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29 April 2016

Quad-A 2016: Bell Helicopter’s V-280 Takes Shape

During a pre-AAAA (Quad-A) interview, Vince Tobin, Bell Helicopter’s Vice President, Advanced Tiltrotor Systems, spoke to MTy about recent progress made constructing the first V-280 VALOR tiltrotor.

(Photos via author)

In the last month the engineers working on Bell Helicopter’s third generation tiltrotor mated the nacelles with the wing. This is a major step forward and will lead on to the complete wing being joined to the fuselage.

The V-280 VALOR is Bell Helicopter’s design for the US Army’s Joint-MultiRole Technology Demonstrator (JMR-TD) programme, the aim of which is to provide a next generation replacement for Army aviation’s fleets of Boeing AH-64 APACHE attack helicopters and Sikorsky UH-60 BLACK HAWKs around the 2035 timeframe.

Early this fall we will put the tail on the aircraft and will do the preload testing and simultaneously we will install the engines and gearboxes into the nacelles together with the wiring and hydraulic tubing,” said Tobin. “That will lead to another key event, the tethered ground run that we will execute around April 2017.

Once all the additional testing and safety regimes have been checked and rechecked Tobin expects the V-280s first flight to occur right on schedule during  September 2017.

Bell Helicopter’s partner aerostructures specialist Spirit Aerosystems delivered the first fuselage in September last year and the nacelles were manufactured by another partner, Israel Aerospace Industries (IAI).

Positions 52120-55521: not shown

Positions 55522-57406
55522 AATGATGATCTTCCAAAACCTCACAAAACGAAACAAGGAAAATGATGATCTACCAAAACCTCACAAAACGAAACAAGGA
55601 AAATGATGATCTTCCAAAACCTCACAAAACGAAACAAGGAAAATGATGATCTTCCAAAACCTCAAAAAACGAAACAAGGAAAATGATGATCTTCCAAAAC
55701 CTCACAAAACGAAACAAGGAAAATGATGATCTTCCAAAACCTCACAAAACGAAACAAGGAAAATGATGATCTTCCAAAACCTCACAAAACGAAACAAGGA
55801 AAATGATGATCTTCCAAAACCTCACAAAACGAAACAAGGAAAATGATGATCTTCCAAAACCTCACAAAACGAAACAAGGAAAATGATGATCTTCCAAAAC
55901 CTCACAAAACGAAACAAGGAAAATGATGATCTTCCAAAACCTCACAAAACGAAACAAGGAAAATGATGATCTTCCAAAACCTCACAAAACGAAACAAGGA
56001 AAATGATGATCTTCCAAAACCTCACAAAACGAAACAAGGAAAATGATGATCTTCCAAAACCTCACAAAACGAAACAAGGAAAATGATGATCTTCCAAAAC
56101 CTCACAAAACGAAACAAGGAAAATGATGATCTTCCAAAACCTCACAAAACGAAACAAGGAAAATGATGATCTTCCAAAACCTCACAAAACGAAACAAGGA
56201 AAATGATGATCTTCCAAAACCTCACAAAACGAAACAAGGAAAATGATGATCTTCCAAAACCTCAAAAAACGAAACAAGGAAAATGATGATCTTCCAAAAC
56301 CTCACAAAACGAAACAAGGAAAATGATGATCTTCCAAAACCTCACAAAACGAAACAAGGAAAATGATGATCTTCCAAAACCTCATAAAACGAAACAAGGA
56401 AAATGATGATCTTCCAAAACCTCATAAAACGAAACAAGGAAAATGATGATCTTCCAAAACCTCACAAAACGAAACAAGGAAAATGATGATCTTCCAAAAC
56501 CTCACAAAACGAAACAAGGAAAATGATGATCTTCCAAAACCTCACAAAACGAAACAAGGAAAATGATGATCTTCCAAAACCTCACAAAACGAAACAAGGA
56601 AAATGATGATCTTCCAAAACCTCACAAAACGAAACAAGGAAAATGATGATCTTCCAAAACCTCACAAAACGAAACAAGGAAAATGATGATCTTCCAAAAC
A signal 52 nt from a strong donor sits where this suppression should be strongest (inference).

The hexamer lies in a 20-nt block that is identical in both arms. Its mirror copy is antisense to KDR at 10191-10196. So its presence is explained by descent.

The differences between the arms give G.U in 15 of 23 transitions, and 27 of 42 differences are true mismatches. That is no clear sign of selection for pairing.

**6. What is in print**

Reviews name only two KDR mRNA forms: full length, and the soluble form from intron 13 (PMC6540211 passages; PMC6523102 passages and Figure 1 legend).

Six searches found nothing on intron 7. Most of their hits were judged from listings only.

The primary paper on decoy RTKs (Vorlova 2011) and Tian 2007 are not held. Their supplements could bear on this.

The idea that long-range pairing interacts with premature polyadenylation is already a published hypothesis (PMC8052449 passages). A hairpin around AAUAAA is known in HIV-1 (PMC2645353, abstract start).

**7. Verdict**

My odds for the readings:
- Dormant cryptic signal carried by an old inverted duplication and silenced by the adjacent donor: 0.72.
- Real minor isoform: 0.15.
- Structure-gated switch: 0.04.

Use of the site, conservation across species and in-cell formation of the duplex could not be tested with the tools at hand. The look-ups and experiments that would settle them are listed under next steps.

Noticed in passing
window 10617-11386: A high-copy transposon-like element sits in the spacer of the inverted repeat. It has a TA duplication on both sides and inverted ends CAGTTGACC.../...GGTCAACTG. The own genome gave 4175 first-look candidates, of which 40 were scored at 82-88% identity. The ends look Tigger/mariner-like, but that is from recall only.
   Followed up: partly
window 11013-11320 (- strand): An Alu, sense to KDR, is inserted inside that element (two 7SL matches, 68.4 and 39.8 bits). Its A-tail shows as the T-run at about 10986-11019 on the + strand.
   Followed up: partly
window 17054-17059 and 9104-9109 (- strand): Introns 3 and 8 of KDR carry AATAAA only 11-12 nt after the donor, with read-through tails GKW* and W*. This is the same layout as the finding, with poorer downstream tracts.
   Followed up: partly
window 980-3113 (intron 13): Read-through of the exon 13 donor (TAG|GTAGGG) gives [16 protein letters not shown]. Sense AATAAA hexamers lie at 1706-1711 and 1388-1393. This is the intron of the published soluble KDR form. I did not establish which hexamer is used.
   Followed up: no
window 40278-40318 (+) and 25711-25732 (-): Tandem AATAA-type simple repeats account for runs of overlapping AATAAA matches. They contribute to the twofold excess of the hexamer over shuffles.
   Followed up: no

We call this a capability demonstrator as opposed to the Army’s description of a technology demonstrator because our point is that new technology is not required as it is already on the aircraft,” said Tobin. Outlining the complexity of the V-280 as it currently stands he said: “There is nothing required below Technology Readiness Level (TRL) 6 [this is technology demonstrated in an industrially relevant environment in the case of key enabling technologies). We are ready for Milestone B (production) now because we don’t need a Milestone A [the Technology Maturation & Risk Reduction (TMRR) Phase] . There is nothing on this aircraft that requires technological development at this stage.”

The decision not to incorporate a rear exit ramp and instead go for the side doors was not only made with the lineage of the Army’s utility helicopters such as the UH-1H HUEY or UH-60 BLACK HAWK in mind, but also a result of the decision to only rotate the nacelle and not the whole engine and gearbox. This meant that exiting troops had a level field of fire and, more importantly, it meant the engineering of the aircraft more simple. Tobin explained: “Now we don’t have to push electronics through a rotating joint and we don’t have to reorientate the engine. We got a lot of benefit out of that.”

The unusual V-tail is soon to be fitted onto the aircraft. It provides a better opportunity to achieve a lowered degree of observability when compared to other tail configurations. “Manoeuvrability at low speeds is achieved with our rotor system, and the 15 degrees of flapping it provides. The V-tail functions as a control surface when significant airflow is present,” added Tobin.

Putting all the differences that exist between the second generation technology of the V-22 OPSREY and the third generation transitional capability now incorporated into the V-280 VALOR, the belief is that the demonstration flight in September 2017 will result in a case being made for the aircraft to quickly go into final development before being ready for an Low Rate Initial Production (LRIP).